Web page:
Systemic leukofiltration does not attenuate pulmonary injury after cardiopulmonary bypass.
Warren OJ., Tunnicliffe CR., Massey RM., Wallace S., Smith AJ., Alcock EMH., Darzi A., Vincent CA., Athanasiou T.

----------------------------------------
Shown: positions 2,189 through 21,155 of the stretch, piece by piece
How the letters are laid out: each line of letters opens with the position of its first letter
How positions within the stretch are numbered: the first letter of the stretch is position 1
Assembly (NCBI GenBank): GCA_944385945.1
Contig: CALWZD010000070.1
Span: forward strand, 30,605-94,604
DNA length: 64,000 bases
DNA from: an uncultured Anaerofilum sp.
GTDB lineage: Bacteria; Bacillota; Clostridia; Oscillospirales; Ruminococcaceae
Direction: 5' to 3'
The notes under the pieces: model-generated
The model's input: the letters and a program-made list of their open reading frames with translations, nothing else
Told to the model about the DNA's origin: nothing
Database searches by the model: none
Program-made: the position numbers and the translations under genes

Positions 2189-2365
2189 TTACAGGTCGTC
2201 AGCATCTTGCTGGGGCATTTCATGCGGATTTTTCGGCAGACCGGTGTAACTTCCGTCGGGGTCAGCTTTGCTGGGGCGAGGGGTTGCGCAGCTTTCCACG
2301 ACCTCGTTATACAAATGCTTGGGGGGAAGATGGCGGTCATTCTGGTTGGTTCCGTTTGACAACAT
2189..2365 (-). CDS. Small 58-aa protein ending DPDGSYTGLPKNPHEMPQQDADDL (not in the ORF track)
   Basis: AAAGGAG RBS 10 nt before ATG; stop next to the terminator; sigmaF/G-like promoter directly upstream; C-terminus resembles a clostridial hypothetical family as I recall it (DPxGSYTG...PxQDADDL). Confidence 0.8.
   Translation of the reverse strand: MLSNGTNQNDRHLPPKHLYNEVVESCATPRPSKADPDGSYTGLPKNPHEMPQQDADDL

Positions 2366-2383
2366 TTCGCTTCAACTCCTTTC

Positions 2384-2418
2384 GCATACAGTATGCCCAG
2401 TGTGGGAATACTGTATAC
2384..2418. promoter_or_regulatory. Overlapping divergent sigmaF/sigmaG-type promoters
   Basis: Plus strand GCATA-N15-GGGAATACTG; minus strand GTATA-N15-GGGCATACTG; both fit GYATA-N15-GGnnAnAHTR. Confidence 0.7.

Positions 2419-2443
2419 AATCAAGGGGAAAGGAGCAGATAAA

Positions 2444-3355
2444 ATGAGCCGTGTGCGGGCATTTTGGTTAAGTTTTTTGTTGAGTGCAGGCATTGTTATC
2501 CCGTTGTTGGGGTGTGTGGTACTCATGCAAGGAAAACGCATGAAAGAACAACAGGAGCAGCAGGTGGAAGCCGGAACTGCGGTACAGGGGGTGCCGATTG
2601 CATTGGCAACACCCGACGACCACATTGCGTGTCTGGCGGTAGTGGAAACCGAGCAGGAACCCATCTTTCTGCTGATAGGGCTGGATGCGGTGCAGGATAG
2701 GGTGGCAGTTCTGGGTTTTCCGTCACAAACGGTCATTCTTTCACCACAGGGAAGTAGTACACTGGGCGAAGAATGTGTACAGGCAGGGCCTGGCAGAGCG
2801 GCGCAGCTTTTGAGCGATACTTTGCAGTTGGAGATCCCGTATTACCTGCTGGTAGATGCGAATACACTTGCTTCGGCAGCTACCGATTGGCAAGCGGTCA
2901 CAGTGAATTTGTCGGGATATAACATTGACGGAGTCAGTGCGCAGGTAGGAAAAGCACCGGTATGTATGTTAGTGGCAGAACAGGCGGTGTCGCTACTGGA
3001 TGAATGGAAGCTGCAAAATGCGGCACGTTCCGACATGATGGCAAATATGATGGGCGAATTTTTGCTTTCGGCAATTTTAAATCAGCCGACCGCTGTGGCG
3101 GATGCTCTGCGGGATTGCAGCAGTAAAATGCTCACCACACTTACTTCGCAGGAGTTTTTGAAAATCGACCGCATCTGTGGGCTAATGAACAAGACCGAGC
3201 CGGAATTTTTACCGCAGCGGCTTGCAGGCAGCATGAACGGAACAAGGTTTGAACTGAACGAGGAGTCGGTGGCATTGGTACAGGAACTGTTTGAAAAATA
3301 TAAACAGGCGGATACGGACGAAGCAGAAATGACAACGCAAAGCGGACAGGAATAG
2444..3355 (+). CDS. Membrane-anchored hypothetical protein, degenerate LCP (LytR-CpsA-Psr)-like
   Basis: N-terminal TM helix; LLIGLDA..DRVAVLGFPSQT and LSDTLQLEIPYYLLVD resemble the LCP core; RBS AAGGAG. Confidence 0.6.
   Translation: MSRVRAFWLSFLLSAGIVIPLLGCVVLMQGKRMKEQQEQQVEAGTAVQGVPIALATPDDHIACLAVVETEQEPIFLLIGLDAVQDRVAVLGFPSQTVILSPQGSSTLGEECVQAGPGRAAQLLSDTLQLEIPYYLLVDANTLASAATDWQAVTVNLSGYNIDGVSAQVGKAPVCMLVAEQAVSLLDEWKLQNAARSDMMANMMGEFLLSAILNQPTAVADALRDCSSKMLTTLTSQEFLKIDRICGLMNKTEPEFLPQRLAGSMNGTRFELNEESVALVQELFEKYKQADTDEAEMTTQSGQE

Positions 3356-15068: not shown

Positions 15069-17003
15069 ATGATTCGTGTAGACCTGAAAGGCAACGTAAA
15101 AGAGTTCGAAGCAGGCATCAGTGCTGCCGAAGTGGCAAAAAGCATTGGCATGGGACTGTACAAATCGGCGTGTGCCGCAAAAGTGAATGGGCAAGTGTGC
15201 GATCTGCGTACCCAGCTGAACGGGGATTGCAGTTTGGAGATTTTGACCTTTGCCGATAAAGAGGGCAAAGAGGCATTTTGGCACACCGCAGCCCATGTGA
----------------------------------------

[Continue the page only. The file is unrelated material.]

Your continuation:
Pulmonary injury mediated by activated leukocytes is a recognized complication of cardiopulmonary bypass. The aim of this paper is to systematically analyze the effects of systemic leukofiltration within the cardiopulmonary bypass circuit on pulmonary injury and related clinical outcomes. We performed a systematic search to identify randomized controlled trials reporting on the effects of systemic leukofiltration on respiratory parameters. Random effect meta-analytical techniques were applied to identify differences in outcomes between the two groups. Sensitivity and subgroup analyses were undertaken to evaluate study heterogeneity. Incorporating 995 patients, 21 studies satisfied the inclusion criteria. Systemic leukofiltration significantly increased the PaO2/FiO2 ratio within 12 hours of bypass cessation, (weighted mean difference (WMD), 25.97; 95% confidence interval (CI), 3.41-48.53; p = 0.02) but this effect was lost by 24 hours (WMD, 12.98; 95% CI, -7.93-33.89; p = 0.22). Leukofiltration significantly reduced the duration of ventilatory support postoperatively (WMD, -2.11 hours; 95% CI, -0.65 to -3.58; p = 0.005), but had no impact on postoperative chest infection, intensive care length of stay or hospital length of stay. The heterogeneity of the included studies was high, due to poor quality study design and failure to include patients at high risk of pulmonary complications. Systemic leukofiltration may attenuate bypass-related lung injury in the early postoperative period, but this does not seem to translate to clinically significant differences in outcomes.